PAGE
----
People with enamel issues or people who have deep crevices are very likely to develop this problem. Deep crevices provide space for plaque to deposit which leads to bacterial growth. Dental sealants are used to prevent tooth decay in people with deep crevices.
The location of teeth is also a factor in tooth decay. Dental caries is more commonly seen in back teeth i.e. premolars and molars. These teeth have a lot of grooves and pits in them. Collection of food particles in these grooves lead to plaque formation. These molar and premolars are hard to clean and difficult to reach as compared to front teeth.
Some people have a habit of grinding and clenching their teeth. They do not even realize that they are grinding their teeth.
Tooth grinding normally occurs when the person is asleep or during stressful conditions. It strips of the upper protective enamel layer of the tooth and leads to tooth decay. Often bite guards are suggested for people who grind teeth.
Genes and Age
Just like many other diseases, tooth decay is also hereditary. A person can inherit deep tooth crevices and enamel issues from their family. These people are highly prone to develop tooth caries and decay.
Another reason for the development of tooth caries is the age factor. It becomes more common with growing age. Common medical prescriptions which cause dry mouth like anti-allergic drugs and anti-depressants can also promote tooth decay.
Reduced Saliva flow
In most of the people suffering from dental decay, diseases affecting teeth are not the main cause of cavities. The teeth are made up of mineral which if exposed to the acidic environment will decay. As the enamel gets degraded, dentin and cementum (having lower mineral content) become more susceptible to caries.
Doctors state that saliva neutralizes the acid and help to inhibit plaque growth, thus people with dry mouth are at higher risk of tooth decay.
The person may have a dry mouth because of hereditary or because of some medical condition like diabetes mellitus, Sjögren's syndrome and sarcoidosis.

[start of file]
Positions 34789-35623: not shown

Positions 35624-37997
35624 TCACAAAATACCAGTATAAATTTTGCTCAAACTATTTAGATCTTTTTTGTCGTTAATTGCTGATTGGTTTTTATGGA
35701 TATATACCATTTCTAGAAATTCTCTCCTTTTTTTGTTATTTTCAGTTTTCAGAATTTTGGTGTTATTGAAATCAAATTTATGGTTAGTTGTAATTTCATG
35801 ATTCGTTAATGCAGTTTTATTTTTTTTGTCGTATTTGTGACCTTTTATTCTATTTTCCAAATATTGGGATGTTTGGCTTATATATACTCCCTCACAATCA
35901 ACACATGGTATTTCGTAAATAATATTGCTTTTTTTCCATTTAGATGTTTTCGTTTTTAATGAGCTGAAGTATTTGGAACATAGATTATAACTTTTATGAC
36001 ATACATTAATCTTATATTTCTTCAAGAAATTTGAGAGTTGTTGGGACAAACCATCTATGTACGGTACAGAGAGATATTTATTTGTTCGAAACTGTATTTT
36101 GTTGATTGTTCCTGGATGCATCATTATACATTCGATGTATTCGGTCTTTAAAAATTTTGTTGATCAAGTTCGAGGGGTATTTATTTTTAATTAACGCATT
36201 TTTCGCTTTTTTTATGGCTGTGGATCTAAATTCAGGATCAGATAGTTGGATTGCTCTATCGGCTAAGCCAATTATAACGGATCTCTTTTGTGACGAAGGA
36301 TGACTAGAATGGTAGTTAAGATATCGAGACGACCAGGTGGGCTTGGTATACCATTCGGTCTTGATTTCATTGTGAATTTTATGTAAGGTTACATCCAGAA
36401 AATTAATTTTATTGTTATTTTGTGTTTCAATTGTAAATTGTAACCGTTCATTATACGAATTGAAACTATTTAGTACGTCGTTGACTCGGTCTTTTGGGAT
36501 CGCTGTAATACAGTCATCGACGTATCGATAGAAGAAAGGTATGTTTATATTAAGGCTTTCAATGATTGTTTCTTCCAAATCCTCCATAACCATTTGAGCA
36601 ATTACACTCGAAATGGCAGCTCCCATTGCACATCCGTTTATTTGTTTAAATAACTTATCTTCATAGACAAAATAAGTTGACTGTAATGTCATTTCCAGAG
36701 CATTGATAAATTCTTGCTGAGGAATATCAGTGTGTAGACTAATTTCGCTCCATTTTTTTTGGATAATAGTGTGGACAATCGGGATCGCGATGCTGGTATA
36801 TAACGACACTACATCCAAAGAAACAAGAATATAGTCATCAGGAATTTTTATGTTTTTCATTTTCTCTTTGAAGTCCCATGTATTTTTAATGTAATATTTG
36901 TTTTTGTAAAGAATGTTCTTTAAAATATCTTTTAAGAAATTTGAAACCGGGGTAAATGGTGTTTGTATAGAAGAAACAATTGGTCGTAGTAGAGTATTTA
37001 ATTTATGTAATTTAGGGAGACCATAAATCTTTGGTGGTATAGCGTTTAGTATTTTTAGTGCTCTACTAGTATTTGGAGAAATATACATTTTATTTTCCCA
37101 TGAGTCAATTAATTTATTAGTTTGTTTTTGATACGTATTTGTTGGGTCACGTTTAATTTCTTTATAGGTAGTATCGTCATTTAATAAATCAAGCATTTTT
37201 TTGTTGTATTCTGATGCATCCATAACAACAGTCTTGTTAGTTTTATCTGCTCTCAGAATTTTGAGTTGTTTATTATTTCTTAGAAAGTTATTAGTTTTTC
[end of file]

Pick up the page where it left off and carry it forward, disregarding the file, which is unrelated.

Apart from medical conditions, there are certain medicines that promote dryness in the mouth and reduce saliva flow. The medications like methylamphetamine and Tetrahydrocannabinol work as a stimulant to drop down saliva formation in the mouth.
Radiation therapy of head and neck also damages cells in salivary glands which increase the likely chances of getting dental caries.
According to researchers, fluoride can prevent and combat tooth decay. Fluoride provides strength to the enamel and makes teeth resistant against acids. The water we drink daily has fluoride in it. Toothpaste, these days, have recommended the level of fluoride in them to protect teeth from infection and cavities.
Smoking and Alcohol Consumption
People who drink alcohol and chew tobacco are at high risk of developing dental caries. Alcohol contains a high level of sugar in it which accelerates the problem. Its consumption leads to deposition of plaque and bacteria on teeth which cause cavities. Alcohol being dehydrating agent can severely damage teeth as it reduces saliva flow also.
Chewing tobacco and smoking is quite dangerous to teeth and oral health as it causes gingivitis and other periodontal diseases too. As the gum line recedes from tooth base, it exposes tooth roots which get easily demineralized by the acid.
Smokers are also at a very high risk of developing oral diseases and tooth decay. Some tobacco brands contain very high amount of sugar that increases the susceptibility of dental caries.
Apart from taking diet high in sugar and consuming alcohol, many other factors can make you prone to dental caries. Some of these factors are listed below:
- Neonatal exposure to lead and cadmium
- Poverty and socio-economic status
Are you at risk of developing dental caries?
Following things make a person more prone to develop dental caries:
- Not taking care of your teeth
- Not seeing doctor regularly for checkups and cleaning
- Eating food high in sugar
- Not getting enough fluoride
- Dry mouth
- Having diabetes or Sjogren’s syndrome
- Anti-depressants and anti-allergens
- Smoking and tobacco chewing
- Heart burn
If you see any of the above-mentioned symptoms very often, you need to see a doctor immediately. He will guide you through treatment. Read about symptoms of tooth decay.